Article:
Who doesn’t love walking into a room and seeing an intriguing, thought-provoking piece of art? If you visit the Center for Diversity and Inclusion (CDI) between now and Wednesday, April 10, you can see an art exhibit featuring some of AU’s finest student artists.
“Art changes the space, and it changes the energy and the way that people feel welcome in spaces,” says Consuelo Grier, CDI’s Director of Multicultural Student Support, who initiated the idea with Kyle Hackett, professorial lecturer in the Department of Art.
CDI works to serve as a home away from home for students, and Grier and Hackett saw this as an opportunity to make their space more inviting. “Art can be a conversation starter,” Grier says. “It can also just feel welcoming.”
The exhibit, curated by Hackett from student submissions, highlights art that reflects CDI’s mission. One example is the piece by Sonimar Maldonado that explores ideas of clothing and identity. Like many of her neighbors in her native Puerto Rico, Maldonado is a fan of basketball and Michael Jordan. Her piece is a print of Michael Jordan without Michael Jordan – the star himself is missing, with only his iconic Chicago Bulls jersey and shoes visible.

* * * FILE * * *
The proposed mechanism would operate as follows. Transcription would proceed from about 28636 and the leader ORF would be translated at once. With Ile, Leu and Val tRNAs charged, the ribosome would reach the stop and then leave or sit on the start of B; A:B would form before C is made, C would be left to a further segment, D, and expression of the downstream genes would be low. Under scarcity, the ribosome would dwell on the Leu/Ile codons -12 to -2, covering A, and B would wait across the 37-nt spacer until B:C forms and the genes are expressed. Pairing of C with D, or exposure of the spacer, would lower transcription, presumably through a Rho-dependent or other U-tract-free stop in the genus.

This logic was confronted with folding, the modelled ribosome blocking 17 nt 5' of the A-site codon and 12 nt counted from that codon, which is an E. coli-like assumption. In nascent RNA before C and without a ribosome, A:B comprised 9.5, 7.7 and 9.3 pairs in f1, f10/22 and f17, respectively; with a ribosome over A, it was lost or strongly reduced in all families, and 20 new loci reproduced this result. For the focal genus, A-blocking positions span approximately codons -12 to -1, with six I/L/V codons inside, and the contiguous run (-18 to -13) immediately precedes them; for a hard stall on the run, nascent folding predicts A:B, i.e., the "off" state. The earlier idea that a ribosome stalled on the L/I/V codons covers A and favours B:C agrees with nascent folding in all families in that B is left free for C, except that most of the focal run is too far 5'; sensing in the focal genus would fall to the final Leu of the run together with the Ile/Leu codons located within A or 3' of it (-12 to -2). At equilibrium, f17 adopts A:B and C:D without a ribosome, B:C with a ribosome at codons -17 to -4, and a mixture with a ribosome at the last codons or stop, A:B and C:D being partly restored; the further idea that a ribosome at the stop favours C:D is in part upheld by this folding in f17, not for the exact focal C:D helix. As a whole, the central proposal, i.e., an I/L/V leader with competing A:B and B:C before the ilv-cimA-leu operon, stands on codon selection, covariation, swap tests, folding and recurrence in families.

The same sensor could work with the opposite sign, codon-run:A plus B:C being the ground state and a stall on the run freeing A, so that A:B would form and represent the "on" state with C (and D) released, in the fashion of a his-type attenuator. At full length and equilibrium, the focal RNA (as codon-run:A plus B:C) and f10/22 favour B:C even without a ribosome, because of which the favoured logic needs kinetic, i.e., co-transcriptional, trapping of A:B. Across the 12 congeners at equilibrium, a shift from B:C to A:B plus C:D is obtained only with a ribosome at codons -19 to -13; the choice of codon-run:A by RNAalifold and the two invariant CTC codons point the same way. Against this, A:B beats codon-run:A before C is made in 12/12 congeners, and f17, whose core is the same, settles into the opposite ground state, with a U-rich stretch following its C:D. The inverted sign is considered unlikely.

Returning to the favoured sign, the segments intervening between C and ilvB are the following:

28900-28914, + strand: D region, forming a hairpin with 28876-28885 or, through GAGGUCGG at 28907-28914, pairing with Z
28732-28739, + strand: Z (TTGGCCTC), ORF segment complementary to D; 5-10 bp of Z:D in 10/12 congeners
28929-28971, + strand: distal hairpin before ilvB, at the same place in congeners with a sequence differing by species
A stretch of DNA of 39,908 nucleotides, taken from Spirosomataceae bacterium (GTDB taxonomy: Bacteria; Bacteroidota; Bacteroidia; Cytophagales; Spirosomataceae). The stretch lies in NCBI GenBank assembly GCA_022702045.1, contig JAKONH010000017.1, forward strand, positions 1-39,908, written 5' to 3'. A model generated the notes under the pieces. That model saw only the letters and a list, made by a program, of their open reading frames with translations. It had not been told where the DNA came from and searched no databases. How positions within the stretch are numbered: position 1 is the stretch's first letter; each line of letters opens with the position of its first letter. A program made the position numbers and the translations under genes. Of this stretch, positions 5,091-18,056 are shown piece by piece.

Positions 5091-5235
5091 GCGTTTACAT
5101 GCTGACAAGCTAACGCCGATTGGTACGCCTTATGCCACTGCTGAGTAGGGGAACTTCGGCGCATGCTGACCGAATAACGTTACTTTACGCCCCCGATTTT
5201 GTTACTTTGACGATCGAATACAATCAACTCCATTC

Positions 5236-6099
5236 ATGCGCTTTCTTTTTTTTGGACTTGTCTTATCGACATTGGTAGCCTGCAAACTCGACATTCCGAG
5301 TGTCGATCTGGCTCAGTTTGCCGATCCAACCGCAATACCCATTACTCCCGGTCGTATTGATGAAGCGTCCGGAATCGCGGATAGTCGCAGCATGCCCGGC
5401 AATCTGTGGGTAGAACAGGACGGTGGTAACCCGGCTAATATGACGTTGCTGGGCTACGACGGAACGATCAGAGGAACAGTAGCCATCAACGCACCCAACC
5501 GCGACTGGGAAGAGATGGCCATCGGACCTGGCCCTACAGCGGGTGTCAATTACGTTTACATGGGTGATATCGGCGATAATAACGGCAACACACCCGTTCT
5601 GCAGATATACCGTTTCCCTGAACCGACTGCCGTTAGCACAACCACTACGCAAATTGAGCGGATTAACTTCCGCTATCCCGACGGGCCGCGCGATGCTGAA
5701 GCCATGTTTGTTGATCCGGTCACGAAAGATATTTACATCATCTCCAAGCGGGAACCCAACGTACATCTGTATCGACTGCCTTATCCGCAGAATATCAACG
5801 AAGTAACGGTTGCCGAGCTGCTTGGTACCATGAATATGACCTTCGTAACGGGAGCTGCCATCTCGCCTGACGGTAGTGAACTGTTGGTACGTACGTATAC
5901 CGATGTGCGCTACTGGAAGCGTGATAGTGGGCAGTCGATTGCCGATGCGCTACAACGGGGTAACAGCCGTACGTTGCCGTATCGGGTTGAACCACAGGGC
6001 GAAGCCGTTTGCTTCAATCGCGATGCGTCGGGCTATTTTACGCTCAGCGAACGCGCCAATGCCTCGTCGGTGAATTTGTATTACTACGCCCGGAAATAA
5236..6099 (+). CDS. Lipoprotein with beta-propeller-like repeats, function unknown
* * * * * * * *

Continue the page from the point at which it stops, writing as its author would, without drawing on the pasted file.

“I’m obsessed with the idea of costume and how a person can make a costume become a symbol of something bigger than just clothing,” says Maldonado, a graduate art student. “So, I decided to take the person out of it, and it still holds as much power as if the person was within it.”
The questions it raises are many. Who is Michael Jordan? Does his stardom as a basketball player erase and subsume his identity as a black man? Is his stardom so powerful that it transfers to the very clothes he wears? Can both those things be true at once? Take a look at the piece for yourself and see what ideas it sparks. That, after all, is part of the point of art – and creating space for conversation and thought is certainly part of the mission of CDI.
Then there’s “Found It,” by Nieko McDaniel, also a graduate art student. Created from a piece of discarded cardboard, it features a maze-like design with bold red colors that forces the viewer to search for an exit while discovering hidden symbols. The title of this work also carries another meaning to McDaniel: finding your place in life.
It’s part of a planned new series that reflects on the meaning of finding one’s place – but not in a way that’s comfortable to explore. “It’s not about finding your place in life and being happy,” McDaniel says, “but being so paranoid about losing your comfortable life and doing everything in your power to secure it.”
Grier hopes to bring more art to CDI and find ways for build bridges between student artists at Katzen and MGC and energize the space by encouraging thought and conversation.
The multi-artist student exhibit runs through April 10 at CDI’s offices in MGC 201-202.
Sonimar Maldonado’s work can be viewed at www.sonimarmaldonadoalvarado.com
Nieko McDaniel’s work can be viewed at